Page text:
We stopped by the new Trader Vic’s in Chicago last week for a Mai Tai. Mai Tai is Tahitian for “very best,” and the cocktail was created in 1944 by Victor “Trader Vic” Bergeron at his first Trader Vic’s restaurant in Oakland, CA. He later opened restaurants in 23 other locales around the world including London and Chicago. After 48 years, the original Trader Vic’s Chicago closed it’s doors in December 2005. Fortunately for the Chicagoans, Trader Vic’s re-opened last fall in an updated space located in the Gold Coast. The décor is spectacular, but more importantly Trader Vic’s boasts the original cocktail recipe, including the Scorpion Bowl, the Suffering Bastard and of course, the Mai Tai. The Mai Tai is the quintessential Tiki drink, and the Tiki era is considered the third golden age of cocktails.
The Trader Vic’s Mai Tai is enjoyable, but a little too commercial. Instead of house made Orgeat, they use “Trader Vic’s Orgeat Syrup,” which is a bummer. The lack of taste and texture is noticeable. Also, it’s too sweet and too weak. Oh well. Worth stopping by if you’re in the area.
Vic’s Mai Tai
2 oz. Trader Vic’s 17-year-old Jamaican rum
1/2 oz. Orgeat Syrup
1/2 oz. Curacao
1/2 oz. Lime Juice
1/4 oz. Simple Syrup
Combine all ingredients in a shaker and strain over crushed ice. Garnish with lime and mint.
The highly anticipated and widely discussed (by me) shipment of Torani Amer arrived from California this afternoon. Torani Amer is based on the recipe of Amer Picon, and rather than explain what Amer Picon is, I’ll just quote Cocktail DB:
“[Amer Picon is a] Proprietary French bitter-sweet spirit-based aperitif beverage bitters with slight orange character. Notable in the Basque drink, Picon Punch, which is considered one of the finest examples of a highball beverage. Unfortunately, from the 1970s to present, the House of Picon has lowered the proof of their product repeatedly, creating a situation where traditional recipes calling for it (such as the Picon Punch which was created with the original 78 proof product in mind) did not taste the same. Picon’s current iteration has an alcohol content of less than half of the original product.”
Torani Amer has a nose of citrus, molasses and a hint of mint. The first taste is bitter and herbaceous, along the lines of Fernet Branca, but tamed down quite a bit. It follows with a citrus fragrance and a slightly sweet finish with a bit of burn from the high proof (78*). TA would go great with mint, citrus and herbal flavors, which would all enhance it’s characteristics. I think a variation on a Pimm’s Cup would be great with this stuff. However, my favorite cocktail that let’s TA really show off is the Liberal.
The Liberal Cocktail
3 oz. Overholt Rye Whiskey
1 oz. Torani Amer
1 oz. Sweet Vermouth
A few dashes orange bitters
Build in an old fashioned glass over a block of ice. Garnish with a boss-sized orange peel.
I’ve gone 3:1:1 on this, to let the supporting players show off a bit. I figure if get a bottle of booze mailed to you, you should at least make sure you can taste it. Also, I am throwing in an orange peel, as it enhances the flavor of the TA. Fuck yes it is.
A few years back, my buddy LA Dubbs told me about a little place called Milk & Honey in New York. He spoke of masterfully crafted cocktails served up in an egalitarian speakeasy environment. The first drink I had there was a Queens Park Swizzle. It is safe to say that drink actually changed my life.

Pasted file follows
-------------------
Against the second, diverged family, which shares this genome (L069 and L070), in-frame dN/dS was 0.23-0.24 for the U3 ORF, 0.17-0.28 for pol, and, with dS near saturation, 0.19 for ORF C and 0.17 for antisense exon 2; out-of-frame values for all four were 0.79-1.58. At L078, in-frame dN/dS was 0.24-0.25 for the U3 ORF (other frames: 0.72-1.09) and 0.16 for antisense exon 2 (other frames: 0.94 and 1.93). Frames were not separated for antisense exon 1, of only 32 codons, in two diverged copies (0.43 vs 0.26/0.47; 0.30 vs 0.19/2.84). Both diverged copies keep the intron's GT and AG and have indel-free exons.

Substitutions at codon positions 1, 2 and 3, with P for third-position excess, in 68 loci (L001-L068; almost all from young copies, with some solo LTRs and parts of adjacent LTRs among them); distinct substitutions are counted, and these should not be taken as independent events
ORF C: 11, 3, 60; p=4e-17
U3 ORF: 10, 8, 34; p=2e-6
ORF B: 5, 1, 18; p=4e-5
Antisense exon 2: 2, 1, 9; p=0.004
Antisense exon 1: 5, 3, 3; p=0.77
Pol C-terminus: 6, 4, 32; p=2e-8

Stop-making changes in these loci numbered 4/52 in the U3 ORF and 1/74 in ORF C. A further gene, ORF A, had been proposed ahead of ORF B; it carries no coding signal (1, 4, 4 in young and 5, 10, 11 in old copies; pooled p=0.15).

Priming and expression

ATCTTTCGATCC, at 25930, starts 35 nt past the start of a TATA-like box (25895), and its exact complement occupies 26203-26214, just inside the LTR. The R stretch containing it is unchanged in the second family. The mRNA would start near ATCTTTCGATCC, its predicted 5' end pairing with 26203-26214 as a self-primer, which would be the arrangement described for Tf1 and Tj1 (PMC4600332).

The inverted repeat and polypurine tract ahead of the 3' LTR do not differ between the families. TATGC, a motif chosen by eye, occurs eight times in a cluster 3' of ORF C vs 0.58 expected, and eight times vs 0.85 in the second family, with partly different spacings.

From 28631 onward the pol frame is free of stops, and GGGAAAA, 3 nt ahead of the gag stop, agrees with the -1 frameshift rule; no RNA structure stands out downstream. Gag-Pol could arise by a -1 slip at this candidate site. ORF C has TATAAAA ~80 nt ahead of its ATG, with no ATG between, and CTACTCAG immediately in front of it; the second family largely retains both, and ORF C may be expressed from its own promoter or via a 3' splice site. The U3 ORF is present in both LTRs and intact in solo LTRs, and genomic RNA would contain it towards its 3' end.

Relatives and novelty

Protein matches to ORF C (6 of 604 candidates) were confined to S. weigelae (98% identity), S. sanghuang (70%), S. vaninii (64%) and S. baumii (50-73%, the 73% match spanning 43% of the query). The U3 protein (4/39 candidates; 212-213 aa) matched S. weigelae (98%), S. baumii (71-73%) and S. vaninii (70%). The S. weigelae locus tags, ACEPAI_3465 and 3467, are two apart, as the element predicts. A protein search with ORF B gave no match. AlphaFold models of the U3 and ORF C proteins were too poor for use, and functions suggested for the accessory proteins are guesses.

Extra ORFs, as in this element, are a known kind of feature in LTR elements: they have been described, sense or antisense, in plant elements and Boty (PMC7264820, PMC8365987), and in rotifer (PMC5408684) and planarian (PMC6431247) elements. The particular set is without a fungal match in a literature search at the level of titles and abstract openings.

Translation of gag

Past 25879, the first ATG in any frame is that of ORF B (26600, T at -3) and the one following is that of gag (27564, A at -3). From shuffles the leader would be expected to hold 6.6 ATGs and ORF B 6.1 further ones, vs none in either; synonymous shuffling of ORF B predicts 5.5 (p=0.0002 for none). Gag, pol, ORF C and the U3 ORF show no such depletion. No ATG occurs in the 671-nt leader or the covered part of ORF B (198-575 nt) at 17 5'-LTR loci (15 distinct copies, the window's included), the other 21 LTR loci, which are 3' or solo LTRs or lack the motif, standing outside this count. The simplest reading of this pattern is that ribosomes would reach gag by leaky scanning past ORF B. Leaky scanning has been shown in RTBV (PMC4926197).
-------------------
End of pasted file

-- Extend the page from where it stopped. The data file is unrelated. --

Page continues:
The QPS is Trinidad’s answer to the Mojito. Named for the lush Queen’s Park located in the in Port of Spain, Trinidad, this drink was popularized in the States by Trader Vic who, in 1947, described it as “the most delightful form of anesthesia given out today.” Recipes vary according to sources, but as far as I can tell, if you were to order a QPS at the Queens Park Hotel in the 1940s it would have been made with a dark demerara style Guyanan rum. Some recipes I’ve come across call for light rum and the addition of demerara syrup. Almost all call for Angostura bitters. The one I had at M&H included Peychaud’s, which is the first and last time I’ve seen that move. As I prefer a darker rum over a lighter, the recipe below is somewhere in between all of them…
Queens Park Swizzle
3 oz. Gold Rum
.75 oz. Raw Cane sugar syrup
Juice of 1 lime, plus 1/2 rind quartered
A few dashes Peychaud’s
A few dashes Angostura
In the bottom of a high ball glass, combine the bottom six or eight mint leaves from the sprig, lime juice and rind pieces, rum and sugar syrup and muddle thoroughly. Fill the glass with crushed ice, insert a swizzle stick, and swizzle until the glass is well frosted. If you don’t have a swizzle stick, just stir it a bit. Top off with soda, pack in a bit more crushed ice, add the bitters, a straw and the top of the sprig for a garnish.
Oh hells yeah. Today is looking pretty, pretty sweet indeed. I stopped by Cermak, the Mexican market down the street, and they had some beautiful Spearmint in stock. I grabbed a few bunches, as it goes it so many fantastic drinks. At that point I was essentially forced to go buy a nice bottle of rum – as to not waste the mint, obviously. I checked out Foremost Liquors on Milwaukee, and was please to find they carried Ron Del Barrilito. If you’ve never had RdB, it’s a fantastic Puerto Rican rum I had a few years ago when I visited the island. The 3 year has a mellow, sweet flavor with a caramel nose and a peppercorn finish. It’s also 86*, so it’s ideal for drinking straight. Frankly I would fucking bathe in this stuff if it was financially and socially feasible.
3 oz. Gold Rum
1 oz. Lime Juice
1 sprig mint
1 tsp. sugar
In the bottom of your bar glass, combine the sugar, lime juice, and a few of the mint leaves from the bottom of the sprig. Using a spoon, stir until the sugar melts. At that point, add the rum, some ice, and shake furiously. Strain into a glass (don’t double strain, as you want the tasty little bits of mint), and garnish with the top of the sprig.